I was talking with a friend this week who was sharing his thoughts on the state of his chosen profession as a chemist. He was obviously discouraged as he told me about the lack of appreciation, the challenges, and the perceived lack of respect for the profession. He truly believed that there are no opportunities for chemists in today’s environment and how it would be a grave mistake for young people today to pursue a degree in this field. He even told how he discouraged his son from choosing this major, although from my friends’ account, his son sounded quite gifted and interested in chemistry.
Afterward, I couldn’t help thinking about my friend’s conversation(s) with his son, giving him his opinion about the future of the field of chemistry. I believe my friend was trying to help his son make a good choice, but I kept thinking how his opinion about chemistry would shape the life of his son as he chose another career, based on someone else’s opinion, rather than on his on likes and passions.
I’m sure we’ve all experienced something similar. We receive an opinion from someone we know or trust, and we then make decisions based that opinion. This can be especially true when the opinion comes from someone close to us. It can be comforting to get someone’s take on a decision we’re facing. However, I think it’s imperative that we are discerning enough to know what we’re getting from others and whether it is worth acting on. More specifically, we should be able to determine if what we are getting is merely an opinion, or if it is real wisdom. So what’s the difference? I looked up the definitions of opinion and wisdom, and came up with the following:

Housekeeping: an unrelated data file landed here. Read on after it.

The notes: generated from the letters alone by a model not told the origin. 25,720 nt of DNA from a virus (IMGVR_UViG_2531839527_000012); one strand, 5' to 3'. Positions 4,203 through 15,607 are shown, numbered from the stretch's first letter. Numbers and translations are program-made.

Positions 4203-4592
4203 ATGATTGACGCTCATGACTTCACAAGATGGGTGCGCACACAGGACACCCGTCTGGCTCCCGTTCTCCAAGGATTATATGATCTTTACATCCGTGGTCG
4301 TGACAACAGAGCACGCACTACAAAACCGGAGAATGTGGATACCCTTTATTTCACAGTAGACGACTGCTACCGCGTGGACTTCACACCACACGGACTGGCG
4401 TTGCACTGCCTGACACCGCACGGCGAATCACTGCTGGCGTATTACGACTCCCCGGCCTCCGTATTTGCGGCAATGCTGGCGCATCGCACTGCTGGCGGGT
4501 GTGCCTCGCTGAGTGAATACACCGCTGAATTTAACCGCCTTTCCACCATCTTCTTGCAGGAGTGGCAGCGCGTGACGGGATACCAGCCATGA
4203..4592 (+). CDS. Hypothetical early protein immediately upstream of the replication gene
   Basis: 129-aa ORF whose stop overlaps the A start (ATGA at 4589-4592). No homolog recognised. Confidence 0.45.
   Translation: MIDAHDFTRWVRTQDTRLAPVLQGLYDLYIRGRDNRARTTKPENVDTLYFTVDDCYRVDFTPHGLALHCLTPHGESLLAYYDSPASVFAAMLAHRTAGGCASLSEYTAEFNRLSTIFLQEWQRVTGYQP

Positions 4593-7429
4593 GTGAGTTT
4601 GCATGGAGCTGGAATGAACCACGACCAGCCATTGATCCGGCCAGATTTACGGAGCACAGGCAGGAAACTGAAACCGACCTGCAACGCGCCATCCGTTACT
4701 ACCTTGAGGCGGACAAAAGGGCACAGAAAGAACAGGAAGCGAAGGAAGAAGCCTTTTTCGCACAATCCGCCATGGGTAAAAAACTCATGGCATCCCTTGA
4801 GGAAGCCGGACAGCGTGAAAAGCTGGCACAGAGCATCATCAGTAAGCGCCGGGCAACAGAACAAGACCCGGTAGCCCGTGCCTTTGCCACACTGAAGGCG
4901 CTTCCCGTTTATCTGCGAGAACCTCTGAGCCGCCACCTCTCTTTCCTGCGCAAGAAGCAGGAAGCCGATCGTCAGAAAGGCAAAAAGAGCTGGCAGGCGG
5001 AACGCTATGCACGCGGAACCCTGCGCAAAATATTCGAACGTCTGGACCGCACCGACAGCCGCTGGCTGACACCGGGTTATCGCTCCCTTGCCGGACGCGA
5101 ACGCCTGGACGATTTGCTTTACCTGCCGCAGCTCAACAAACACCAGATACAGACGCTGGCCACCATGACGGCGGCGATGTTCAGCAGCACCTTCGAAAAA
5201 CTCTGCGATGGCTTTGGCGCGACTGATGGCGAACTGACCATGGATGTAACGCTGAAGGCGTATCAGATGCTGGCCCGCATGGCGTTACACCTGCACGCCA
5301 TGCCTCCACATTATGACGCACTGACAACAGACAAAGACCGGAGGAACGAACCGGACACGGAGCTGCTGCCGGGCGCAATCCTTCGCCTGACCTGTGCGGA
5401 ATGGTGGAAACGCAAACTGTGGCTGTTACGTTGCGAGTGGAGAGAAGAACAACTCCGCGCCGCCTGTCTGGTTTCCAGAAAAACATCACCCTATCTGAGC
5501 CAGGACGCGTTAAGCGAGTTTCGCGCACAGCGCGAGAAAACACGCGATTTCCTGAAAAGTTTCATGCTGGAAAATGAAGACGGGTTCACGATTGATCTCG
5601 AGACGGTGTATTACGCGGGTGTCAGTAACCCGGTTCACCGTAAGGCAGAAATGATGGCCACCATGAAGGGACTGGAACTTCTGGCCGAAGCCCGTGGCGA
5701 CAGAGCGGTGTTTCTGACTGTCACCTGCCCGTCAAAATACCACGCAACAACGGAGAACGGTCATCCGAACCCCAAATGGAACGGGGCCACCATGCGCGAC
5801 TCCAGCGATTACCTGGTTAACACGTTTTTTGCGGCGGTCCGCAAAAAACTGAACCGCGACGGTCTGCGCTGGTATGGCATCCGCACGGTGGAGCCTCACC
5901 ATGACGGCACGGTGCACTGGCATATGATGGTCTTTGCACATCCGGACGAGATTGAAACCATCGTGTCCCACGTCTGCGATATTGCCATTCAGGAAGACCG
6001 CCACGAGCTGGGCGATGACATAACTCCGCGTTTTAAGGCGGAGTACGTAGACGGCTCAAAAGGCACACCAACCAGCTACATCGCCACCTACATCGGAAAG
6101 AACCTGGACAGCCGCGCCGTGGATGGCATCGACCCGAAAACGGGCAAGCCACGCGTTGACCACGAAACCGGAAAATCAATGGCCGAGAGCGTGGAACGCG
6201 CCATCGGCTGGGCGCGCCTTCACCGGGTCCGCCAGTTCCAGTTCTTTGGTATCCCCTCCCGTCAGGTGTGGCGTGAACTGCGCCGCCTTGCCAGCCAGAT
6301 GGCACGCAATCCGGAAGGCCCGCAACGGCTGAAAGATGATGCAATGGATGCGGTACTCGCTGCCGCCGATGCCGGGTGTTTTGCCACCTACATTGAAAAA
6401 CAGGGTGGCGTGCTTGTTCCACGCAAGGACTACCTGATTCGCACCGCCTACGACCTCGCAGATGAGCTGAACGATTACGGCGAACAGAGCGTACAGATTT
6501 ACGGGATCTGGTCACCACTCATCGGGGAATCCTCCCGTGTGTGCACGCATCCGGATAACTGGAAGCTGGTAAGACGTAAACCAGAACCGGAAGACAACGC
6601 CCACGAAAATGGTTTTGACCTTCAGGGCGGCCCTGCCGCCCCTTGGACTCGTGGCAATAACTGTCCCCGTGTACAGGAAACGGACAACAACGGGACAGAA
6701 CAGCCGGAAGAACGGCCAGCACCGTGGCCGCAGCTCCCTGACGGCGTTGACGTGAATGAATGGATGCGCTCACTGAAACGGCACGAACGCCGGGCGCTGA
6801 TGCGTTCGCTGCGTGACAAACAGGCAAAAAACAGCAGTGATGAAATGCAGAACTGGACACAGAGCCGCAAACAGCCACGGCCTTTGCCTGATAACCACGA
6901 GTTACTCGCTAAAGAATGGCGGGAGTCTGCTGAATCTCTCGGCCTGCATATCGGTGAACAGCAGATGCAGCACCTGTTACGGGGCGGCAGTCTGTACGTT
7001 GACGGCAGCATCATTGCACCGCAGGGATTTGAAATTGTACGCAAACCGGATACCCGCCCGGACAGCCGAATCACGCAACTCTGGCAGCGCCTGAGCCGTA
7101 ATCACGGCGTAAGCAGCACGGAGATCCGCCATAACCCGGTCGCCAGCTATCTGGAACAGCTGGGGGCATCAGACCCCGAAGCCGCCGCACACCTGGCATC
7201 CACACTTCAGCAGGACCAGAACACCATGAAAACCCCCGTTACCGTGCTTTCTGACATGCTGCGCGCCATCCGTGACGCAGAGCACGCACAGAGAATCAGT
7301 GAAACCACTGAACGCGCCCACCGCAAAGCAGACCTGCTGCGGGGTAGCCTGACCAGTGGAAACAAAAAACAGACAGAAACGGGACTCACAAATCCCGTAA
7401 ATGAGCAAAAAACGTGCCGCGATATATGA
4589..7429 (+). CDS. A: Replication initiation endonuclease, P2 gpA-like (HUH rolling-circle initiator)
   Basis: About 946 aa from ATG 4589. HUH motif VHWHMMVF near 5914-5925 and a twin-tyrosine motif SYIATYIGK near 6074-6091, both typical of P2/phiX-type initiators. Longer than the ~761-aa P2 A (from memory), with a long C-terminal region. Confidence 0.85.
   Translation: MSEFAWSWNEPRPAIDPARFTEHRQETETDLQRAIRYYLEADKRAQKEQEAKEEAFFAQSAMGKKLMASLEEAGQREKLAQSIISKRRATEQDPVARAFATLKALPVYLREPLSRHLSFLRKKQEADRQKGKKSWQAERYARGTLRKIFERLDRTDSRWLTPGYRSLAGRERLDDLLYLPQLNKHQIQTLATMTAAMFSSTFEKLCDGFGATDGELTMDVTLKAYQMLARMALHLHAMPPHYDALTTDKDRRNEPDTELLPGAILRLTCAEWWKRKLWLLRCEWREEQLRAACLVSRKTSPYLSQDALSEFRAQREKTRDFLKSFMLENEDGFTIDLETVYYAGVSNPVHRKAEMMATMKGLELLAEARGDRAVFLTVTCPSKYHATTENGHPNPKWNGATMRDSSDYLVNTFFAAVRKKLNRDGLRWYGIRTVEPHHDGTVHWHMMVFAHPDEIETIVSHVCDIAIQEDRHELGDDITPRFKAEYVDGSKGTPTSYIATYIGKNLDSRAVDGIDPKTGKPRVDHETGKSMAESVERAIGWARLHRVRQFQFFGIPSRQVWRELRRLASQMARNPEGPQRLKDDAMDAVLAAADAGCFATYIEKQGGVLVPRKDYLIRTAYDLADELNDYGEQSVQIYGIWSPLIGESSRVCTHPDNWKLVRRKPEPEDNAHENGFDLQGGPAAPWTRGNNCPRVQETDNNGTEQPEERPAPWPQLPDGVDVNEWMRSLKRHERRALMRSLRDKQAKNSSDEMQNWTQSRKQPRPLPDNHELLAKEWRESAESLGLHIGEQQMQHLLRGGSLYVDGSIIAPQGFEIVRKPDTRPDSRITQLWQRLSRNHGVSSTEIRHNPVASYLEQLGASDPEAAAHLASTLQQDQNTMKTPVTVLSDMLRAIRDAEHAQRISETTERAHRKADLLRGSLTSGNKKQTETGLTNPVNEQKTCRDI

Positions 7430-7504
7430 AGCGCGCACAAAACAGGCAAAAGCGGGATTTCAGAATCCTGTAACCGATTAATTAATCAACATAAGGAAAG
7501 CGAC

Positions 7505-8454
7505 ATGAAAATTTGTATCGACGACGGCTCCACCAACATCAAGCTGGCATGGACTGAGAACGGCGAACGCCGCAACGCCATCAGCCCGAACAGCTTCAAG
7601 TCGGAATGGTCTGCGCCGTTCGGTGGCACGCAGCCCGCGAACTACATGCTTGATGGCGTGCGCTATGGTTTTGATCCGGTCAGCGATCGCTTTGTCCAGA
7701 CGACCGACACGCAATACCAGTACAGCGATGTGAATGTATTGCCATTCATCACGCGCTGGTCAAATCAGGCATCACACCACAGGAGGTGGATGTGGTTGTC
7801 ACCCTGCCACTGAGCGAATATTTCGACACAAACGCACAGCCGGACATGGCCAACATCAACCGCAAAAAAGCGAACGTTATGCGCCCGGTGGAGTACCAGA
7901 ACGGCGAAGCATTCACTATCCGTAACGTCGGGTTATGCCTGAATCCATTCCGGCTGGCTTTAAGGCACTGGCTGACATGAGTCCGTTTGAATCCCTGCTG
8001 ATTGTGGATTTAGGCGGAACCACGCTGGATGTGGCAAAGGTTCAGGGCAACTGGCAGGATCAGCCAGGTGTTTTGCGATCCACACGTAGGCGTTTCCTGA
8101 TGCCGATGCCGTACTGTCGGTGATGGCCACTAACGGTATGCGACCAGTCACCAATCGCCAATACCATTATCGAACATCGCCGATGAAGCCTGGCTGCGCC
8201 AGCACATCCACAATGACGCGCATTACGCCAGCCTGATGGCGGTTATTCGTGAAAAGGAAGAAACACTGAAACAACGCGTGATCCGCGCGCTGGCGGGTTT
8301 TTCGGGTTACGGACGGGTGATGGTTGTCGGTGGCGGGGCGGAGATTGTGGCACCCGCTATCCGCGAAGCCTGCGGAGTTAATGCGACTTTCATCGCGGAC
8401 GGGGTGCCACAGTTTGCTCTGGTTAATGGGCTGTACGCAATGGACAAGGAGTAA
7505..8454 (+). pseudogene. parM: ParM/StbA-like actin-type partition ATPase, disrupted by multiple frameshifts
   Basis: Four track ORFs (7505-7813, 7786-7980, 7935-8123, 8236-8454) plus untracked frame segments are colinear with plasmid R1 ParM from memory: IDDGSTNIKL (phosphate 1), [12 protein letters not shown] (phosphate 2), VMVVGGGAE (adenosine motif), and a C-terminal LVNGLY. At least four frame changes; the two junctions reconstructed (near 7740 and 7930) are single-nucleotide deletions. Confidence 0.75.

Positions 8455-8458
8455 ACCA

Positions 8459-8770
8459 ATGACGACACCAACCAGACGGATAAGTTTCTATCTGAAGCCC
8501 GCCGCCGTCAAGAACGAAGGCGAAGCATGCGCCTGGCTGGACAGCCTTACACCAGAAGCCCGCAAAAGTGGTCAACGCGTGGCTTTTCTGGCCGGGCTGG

Opinion: A belief or judgment that rests on grounds insufficient to produce complete certainty.
Wisdom: Knowledge of what is true or right coupled with just judgment as to action.
As we know everyone has an opinion. These opinions are based on the person’s experience, beliefs and thinking and are often presented as indisputable fact. Wisdom, on the other hand, is based on timeless principles that are proven true time and again. While opinions can be valuable, if I’m making a big decision, I want make that decision based on wisdom, rather than merely someone’s opinion.
We don’t want to give up what we’re gifted and passionate about because of someone else’s opinion. Therefore, we need exercise discernment to know whether what we’re getting is an opinion or wisdom. If it’s an opinion you’re getting, take it with a grain of salt and determine to make up your own mind on the matter. However, if it’s wisdom you’re getting, perk your ears up, pay attention, and look for ways to apply the wisdom to your situation in order to cause something to happen in your life.
Begin paying attention to your conversations this week and in the future in order to more accurately assess whether you’re getting opinions or wisdom. Not only will you’ll feel liberated by being able to tell the difference, you’ll also be better equipped to make wise decisions in your life.